The Abolition of Capital Punishment in Australia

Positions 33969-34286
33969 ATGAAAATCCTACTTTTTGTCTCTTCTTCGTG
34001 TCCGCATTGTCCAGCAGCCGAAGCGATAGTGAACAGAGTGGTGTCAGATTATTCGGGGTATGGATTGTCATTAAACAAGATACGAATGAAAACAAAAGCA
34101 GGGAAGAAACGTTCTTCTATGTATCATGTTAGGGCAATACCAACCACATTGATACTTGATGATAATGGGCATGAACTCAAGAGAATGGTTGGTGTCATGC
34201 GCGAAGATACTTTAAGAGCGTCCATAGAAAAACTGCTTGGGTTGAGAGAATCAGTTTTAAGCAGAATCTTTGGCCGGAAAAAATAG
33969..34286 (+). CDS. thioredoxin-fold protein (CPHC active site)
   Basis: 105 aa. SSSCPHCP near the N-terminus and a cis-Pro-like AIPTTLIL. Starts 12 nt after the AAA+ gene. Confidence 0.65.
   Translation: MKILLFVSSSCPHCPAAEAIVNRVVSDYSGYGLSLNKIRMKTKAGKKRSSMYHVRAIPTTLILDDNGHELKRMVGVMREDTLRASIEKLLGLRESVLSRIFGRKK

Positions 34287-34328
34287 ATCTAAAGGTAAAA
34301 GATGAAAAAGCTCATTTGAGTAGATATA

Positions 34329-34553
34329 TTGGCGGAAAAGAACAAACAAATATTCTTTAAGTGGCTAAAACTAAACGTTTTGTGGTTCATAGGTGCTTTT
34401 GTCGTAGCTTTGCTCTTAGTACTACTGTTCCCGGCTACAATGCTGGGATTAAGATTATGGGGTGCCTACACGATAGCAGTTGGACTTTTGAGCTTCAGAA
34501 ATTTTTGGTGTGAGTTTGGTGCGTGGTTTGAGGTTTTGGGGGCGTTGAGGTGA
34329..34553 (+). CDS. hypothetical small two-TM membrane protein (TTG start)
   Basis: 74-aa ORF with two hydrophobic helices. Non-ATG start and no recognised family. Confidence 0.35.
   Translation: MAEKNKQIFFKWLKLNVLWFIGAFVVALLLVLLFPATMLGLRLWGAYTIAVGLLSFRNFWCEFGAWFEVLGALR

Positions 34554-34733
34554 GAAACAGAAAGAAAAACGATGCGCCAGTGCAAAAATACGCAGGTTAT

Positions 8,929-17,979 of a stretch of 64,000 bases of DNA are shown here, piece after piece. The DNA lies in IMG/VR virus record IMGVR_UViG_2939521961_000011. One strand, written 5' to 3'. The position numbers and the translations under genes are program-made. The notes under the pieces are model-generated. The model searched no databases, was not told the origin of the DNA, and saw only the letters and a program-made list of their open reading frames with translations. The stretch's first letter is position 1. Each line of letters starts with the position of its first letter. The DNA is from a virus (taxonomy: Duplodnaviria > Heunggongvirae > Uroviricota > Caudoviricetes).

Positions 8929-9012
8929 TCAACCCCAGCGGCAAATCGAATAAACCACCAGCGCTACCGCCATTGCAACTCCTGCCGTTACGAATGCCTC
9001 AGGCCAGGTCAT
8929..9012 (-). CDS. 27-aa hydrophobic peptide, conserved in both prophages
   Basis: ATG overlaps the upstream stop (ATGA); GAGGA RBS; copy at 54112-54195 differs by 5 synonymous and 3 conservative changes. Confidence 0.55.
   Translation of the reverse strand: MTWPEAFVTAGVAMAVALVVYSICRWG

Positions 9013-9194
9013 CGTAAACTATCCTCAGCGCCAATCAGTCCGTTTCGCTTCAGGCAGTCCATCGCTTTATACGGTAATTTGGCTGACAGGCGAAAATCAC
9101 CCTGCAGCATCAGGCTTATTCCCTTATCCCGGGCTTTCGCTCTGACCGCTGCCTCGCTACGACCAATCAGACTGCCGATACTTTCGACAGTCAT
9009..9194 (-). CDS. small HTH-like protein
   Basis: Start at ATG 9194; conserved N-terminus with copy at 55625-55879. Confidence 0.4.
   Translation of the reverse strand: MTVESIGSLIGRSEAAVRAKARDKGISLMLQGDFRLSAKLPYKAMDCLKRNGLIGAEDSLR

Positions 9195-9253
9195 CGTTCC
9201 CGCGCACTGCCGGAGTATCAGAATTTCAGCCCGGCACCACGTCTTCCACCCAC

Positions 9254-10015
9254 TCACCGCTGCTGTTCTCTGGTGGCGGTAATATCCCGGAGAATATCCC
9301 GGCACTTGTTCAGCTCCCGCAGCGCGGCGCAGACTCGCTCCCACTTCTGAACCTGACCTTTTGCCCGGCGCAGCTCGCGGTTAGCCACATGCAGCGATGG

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Since the last execution in Australia in 1967 of Ronald Ryan and the abolition of capital punishment in Australia in 1973 imprisonment has been the only option as a sanction for murder. A survey conducted in 2009 demonstrated that a clear majority of Australians (64%) believed that imprisonment should be the punishment for murder as opposed to 23% stating the death penalty should be used and 13% did not wish to comment. The death penalty is not an effective punishment for all cases and there has not been any solid evidence stating that it is a more effective deterrent than imprisonment. Furthermore capital punishment possesses the risk of executing the innocent, which has happened or almost happened numerous times in the past such as Colin Ross. The death penalty is also a breach of the Universal Human Rights. Additionally although there is belief that detaining criminals actually costs taxpayers more due to court processes, the method of execution and many other factors. While imprisonment should be the highest sanction for crime, in some cases this is not effective, such as the case of Australian serial killer Peter Dupas. As a result, imprisonment is the only appropriate option for murder in majority of instances, however in some cases it is evident that capital punishment is necessary for the safety of society. Capital punishment is not an effective punishment or deterrent for murder or any crime for various reasons. To many prisoners, being detained in a prison is much more of a punishment than death as is it a constant, conscious deprivation of liberty and rights. This idea is represented though US Oklahoma bomber Timothy McVeigh who claimed after dropping his appeals against his death sentence that he would rather die than... ... middle of paper ... ...enalty. Works Cited Bowers, W, Pierce, G., and McDevitt, J.(1984), Legal Homicide: Death as Punishment in America, 1964-1982, 333 Panel on Research on Deterrent and Incapacitate Effects (1978), Deterrence and Incapacitation: Estimating the Effects of Criminal Sanctions on Crime Rates National Academy of Science, Washington DC B Nakell. (1978). Cost Of The Death Penalty. Criminal Law Bulletin, P. 69-80.

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